The McDonald property is a 19.98 acre tract of land improved w/ a brick ranch home, plus multiple outbuildings & 16 acres of tillable ground. The years have taken their toll on the improvements, so plan to roll up your sleeves as the new owner, but with vision you can see the potential that this property offers. Call now to see this home or receive information on buying at auction. TERMS & CONDITIONS: The real estate is selling free of appraisal at absolute auction w/ $10,000 down required day of auction & the balance within 21 days. The opportunity is yours. Contact Jerry Stichter, Auctioneer-Realtor, Garden Gate Realty for a Bidder’s Packet or go to OPEN HOUSE: SUNDAY, OCT 16, 1 TO 3 PM.

we’re committed to making the buying process simpler and getting you into a home faster. We’ll walk you through the steps one by one, bringing clarity to the process and to your home financing experience with PNC. With more confidence in your lender, there’s no telling what you can achieve.

Find out Find out more more at at or or contact the Troy Mortgage office at at 937-339-6600

Find your dream home in Real Estate Today!

Taking stem cuttings is a fun and free way to add plants to your own garden or have a few to give to friends next year. Cuttings create clones, or copies of the plant. There are all kinds of perennials that can be propagated by cuttings. The best candidates have prominent nodes, where the leaves are attached to the stem. Good candidates include Aster (Aster spp.), Bee balm (Monarda didyma), Butterfly weed (Asclepias spp.), Lavender (Lavandula spp.) and Sage (Salvia spp.). Take cuttings in the morning. The plant’s cells are filled with water, and have more strength and resilience. You’ll need a sharp knife or pruning shears and a container of water. Select a stem and work toward the base of the plant, feeling for the point where the tip starts becoming firm or woody. Take the cutting just above that transition, leaving at least two nodes above the cut. Immediately put the stem in water if possible, out of direct sun. Take only as many as you can work with in the morning — the fresher the specimen, the better chance it will root. Alternatively, wrap it in moist paper towels and a plastic bag. Keep the stem cool until you can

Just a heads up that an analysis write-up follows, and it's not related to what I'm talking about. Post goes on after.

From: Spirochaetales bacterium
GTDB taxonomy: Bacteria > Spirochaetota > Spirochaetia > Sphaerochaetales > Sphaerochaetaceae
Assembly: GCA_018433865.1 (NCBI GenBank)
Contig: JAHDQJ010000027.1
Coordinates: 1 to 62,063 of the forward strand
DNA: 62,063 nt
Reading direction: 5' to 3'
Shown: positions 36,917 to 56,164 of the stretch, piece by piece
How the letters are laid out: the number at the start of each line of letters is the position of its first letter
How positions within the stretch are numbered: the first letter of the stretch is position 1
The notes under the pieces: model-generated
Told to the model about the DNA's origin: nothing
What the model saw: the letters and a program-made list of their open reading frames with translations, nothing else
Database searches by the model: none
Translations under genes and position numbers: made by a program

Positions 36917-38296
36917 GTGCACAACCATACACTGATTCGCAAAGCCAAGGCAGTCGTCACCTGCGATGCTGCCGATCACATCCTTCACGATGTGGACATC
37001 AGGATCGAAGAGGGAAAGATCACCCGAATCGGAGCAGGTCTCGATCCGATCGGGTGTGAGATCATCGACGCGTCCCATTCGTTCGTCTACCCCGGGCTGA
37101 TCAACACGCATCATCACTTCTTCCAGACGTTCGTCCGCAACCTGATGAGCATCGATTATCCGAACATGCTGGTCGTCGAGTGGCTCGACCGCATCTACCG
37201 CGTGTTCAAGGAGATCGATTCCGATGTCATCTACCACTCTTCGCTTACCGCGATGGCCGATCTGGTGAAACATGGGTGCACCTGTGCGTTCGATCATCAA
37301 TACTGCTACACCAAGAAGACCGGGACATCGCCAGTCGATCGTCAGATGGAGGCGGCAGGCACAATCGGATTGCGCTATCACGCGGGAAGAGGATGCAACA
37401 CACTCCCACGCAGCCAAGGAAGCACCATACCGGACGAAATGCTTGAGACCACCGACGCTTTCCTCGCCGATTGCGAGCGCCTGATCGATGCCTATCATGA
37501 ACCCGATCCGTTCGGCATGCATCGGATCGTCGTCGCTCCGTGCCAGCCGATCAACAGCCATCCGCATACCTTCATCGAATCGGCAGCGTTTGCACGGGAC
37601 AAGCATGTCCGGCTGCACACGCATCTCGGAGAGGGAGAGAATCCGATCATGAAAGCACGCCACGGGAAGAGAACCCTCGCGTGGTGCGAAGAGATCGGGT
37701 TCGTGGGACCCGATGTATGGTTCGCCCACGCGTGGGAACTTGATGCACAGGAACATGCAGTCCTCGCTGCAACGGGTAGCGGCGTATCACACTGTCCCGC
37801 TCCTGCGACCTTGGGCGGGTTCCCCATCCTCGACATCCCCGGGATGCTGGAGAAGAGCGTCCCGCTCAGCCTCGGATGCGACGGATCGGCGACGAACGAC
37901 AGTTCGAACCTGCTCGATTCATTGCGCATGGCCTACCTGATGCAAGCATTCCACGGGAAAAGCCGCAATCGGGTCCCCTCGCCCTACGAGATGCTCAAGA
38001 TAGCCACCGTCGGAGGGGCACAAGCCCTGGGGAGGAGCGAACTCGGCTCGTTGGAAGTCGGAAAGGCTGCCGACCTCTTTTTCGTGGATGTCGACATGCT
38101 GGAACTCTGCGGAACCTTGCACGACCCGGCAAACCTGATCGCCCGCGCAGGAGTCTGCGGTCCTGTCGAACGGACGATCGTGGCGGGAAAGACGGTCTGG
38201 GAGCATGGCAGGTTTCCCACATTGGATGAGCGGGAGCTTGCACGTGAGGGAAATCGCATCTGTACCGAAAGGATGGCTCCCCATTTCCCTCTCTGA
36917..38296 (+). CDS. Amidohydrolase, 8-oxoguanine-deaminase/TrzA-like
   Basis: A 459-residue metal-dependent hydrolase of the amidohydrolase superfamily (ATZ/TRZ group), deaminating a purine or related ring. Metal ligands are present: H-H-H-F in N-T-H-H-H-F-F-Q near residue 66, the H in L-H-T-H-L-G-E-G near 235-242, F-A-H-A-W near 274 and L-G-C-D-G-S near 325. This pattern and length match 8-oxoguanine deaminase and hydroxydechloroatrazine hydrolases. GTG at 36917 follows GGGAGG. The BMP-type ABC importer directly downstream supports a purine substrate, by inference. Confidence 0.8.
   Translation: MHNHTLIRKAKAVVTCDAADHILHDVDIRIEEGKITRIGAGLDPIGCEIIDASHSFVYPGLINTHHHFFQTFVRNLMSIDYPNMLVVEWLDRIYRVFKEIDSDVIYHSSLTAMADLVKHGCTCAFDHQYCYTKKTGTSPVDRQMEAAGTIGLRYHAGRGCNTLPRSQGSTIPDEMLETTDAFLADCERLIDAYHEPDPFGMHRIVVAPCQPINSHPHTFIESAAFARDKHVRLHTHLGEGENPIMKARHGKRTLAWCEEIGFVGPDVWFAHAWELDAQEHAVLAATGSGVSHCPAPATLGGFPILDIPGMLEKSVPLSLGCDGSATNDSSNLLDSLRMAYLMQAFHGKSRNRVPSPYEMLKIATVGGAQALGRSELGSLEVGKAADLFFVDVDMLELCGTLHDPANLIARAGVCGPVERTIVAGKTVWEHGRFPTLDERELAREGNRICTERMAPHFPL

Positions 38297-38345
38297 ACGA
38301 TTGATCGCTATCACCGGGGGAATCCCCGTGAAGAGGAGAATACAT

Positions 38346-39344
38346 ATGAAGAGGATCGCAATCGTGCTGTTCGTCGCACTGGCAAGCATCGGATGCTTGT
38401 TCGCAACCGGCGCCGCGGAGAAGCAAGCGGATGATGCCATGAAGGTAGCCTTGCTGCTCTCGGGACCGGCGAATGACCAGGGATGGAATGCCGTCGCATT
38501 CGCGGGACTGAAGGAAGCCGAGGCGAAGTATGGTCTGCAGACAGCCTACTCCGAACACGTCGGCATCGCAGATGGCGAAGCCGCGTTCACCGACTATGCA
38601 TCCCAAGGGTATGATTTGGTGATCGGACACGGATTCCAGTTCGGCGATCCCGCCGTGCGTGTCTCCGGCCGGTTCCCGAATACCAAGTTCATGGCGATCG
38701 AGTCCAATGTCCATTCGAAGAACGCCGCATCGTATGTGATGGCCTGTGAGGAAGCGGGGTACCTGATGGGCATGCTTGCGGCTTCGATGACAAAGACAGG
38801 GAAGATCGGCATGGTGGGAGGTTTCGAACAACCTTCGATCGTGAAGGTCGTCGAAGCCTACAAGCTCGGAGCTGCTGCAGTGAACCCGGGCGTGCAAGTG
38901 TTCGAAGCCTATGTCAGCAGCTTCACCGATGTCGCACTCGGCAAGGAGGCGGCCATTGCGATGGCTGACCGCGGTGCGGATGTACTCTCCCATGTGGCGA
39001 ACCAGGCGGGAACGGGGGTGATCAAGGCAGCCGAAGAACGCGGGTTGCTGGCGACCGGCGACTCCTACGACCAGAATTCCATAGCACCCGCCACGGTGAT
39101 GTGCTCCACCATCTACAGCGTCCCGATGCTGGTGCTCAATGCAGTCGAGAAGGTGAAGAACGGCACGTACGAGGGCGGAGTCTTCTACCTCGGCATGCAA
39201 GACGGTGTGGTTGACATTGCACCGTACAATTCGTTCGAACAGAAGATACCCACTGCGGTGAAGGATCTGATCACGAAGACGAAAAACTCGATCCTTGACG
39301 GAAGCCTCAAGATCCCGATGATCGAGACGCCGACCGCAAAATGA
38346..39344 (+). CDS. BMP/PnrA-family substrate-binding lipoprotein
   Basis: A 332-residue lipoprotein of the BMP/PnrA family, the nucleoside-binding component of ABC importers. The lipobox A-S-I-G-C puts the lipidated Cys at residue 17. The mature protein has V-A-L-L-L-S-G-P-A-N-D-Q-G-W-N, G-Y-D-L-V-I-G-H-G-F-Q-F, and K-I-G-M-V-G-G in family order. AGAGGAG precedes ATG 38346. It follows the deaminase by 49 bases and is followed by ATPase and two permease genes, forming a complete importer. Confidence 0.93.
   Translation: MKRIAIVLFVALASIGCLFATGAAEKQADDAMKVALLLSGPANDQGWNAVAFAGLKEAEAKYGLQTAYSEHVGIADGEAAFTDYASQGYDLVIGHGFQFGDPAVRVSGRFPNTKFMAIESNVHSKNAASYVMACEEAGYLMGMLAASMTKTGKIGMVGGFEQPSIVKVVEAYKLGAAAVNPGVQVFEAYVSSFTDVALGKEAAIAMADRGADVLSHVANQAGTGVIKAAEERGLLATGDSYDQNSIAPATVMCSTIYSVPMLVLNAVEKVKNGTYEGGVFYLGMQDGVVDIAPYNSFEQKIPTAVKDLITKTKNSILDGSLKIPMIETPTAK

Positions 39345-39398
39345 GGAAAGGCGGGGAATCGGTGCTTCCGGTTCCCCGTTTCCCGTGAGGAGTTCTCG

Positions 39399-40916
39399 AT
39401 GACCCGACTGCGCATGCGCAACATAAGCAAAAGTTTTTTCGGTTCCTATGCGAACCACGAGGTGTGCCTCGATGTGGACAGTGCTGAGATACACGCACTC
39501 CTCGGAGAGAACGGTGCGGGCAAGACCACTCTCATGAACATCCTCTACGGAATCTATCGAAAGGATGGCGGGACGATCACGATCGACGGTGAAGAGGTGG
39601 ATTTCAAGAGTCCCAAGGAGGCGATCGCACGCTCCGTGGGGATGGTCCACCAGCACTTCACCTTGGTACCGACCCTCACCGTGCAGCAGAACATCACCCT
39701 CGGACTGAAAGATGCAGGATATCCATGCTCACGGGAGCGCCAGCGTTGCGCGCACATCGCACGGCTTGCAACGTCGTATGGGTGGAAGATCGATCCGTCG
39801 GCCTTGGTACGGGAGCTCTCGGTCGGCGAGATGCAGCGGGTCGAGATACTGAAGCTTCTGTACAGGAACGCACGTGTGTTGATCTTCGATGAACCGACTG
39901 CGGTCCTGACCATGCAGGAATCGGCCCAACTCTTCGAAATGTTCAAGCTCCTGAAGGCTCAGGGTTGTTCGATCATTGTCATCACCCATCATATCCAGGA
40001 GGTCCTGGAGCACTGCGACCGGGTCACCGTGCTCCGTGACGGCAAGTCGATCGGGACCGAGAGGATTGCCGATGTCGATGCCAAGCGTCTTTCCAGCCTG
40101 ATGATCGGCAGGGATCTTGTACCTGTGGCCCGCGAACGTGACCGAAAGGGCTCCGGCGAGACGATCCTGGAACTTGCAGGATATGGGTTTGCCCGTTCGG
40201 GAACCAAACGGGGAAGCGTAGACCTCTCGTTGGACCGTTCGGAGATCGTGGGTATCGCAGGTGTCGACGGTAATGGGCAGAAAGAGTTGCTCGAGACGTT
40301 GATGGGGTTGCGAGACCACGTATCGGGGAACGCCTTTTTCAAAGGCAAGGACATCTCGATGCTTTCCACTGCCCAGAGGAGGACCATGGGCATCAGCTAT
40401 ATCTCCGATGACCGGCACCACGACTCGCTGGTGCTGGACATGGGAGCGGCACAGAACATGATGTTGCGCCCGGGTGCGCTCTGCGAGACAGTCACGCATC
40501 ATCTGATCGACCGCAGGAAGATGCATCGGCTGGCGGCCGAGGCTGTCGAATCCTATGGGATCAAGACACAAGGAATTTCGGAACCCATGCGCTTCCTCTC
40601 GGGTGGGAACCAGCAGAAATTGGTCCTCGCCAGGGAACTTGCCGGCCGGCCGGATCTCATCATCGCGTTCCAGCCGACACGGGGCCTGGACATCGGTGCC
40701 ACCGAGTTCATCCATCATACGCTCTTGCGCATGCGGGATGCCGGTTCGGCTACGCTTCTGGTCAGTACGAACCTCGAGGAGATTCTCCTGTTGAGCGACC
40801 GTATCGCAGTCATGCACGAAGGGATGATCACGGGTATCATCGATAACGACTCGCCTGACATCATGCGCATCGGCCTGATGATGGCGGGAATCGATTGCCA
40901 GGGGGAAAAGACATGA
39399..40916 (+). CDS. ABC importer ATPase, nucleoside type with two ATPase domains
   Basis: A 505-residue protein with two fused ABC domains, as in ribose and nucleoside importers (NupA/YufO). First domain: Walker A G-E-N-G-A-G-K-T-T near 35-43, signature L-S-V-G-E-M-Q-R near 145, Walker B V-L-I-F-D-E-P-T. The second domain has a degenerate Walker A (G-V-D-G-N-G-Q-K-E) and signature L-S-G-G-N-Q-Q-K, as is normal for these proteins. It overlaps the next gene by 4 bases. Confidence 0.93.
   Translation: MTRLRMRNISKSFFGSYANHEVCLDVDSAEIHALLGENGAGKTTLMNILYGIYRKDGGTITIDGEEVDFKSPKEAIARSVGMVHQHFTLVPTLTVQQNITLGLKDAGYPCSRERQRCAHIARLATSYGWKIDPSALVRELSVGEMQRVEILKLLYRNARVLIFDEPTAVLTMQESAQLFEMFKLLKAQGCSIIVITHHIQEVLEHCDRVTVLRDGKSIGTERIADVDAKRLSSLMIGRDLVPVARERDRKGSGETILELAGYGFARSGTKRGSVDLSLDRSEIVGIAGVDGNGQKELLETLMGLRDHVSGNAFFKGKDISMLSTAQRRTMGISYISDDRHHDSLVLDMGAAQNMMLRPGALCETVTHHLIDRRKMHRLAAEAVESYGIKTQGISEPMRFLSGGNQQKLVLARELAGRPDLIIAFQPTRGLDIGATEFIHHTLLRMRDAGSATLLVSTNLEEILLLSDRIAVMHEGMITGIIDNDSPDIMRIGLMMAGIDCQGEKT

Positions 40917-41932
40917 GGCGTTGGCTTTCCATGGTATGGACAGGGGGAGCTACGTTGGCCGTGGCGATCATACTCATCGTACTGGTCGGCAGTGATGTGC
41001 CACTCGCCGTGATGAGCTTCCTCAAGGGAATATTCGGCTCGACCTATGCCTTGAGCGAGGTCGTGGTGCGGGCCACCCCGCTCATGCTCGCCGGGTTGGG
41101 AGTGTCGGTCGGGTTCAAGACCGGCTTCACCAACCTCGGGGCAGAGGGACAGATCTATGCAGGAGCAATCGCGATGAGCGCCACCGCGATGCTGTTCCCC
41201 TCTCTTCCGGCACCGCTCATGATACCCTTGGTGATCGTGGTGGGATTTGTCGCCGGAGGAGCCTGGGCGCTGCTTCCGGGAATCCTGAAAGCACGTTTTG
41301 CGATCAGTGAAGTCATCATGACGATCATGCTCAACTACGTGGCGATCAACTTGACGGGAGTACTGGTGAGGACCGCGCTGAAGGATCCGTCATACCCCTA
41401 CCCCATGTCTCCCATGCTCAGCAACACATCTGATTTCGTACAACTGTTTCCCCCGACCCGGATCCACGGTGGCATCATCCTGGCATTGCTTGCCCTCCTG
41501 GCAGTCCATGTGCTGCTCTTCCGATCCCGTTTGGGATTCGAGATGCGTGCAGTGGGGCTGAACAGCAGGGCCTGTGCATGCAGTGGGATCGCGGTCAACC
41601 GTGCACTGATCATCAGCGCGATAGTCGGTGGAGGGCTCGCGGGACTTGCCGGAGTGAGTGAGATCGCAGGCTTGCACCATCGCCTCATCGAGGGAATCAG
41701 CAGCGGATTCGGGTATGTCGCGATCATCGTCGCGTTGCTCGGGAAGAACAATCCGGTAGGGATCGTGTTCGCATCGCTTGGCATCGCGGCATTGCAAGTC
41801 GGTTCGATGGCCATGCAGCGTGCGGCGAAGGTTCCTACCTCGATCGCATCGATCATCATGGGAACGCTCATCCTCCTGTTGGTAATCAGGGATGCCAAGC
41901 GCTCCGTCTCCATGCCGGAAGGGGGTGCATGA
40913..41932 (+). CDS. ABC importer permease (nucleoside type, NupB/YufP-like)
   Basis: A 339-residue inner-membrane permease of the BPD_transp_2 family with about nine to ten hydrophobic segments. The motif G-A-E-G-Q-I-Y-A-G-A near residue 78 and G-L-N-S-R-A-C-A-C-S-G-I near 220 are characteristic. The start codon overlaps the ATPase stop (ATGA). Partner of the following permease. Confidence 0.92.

water lightly. Don’t let the containers stand in water as the cuttings could rot. Since they have no roots to absorb water, cuttings need a high-humidity environment. For individually potted cuttings, make a cloche by cutting the bottom off a 1-liter soda bottle or using large plastic bags. An upturned plastic storage bin or even an old aquarium can make a temporary greenhouse for large trays of cuttings. Keep them in bright light but not direct sun. Prop the cloche or greenhouse open for a few minutes each day to circulate the air and monitor the enclosed environment for sufficient moisture. Green, healthy-looking cuttings are a good sign. Wilting, yellowing or cupping of the leaves means a problem. Yellowing on older leaves usually indicates the plant is giving its nutrients to new growth, but the entire plant yellowing or wilting may mean you’re overwatering. How long a cutting takes to root depends on humidity, temperature and the type of plant. Check root growth by gently tugging. If you feel resistance, pry up the medium that contains the cutting from the side with a stick or knife blade or fork. Gently tap the medium off the roots. If they’re long white threads, the cutting is ready to transplant into a larger container. Before planting the maturing transplants outdoors, allow them to develop an even larger root system in their new pots for several weeks. Then when they’re ready for the garden, harden them off by setting them in the sun for a half hour more each day for a week. Try your hand at cuttings. They make great gifts, and part of your garden might just give you a little immortality in the generations of gardens yet to come. Joe Lamp’l, host of “Growing a Greener World” on PBS, is a Master Gardener and author.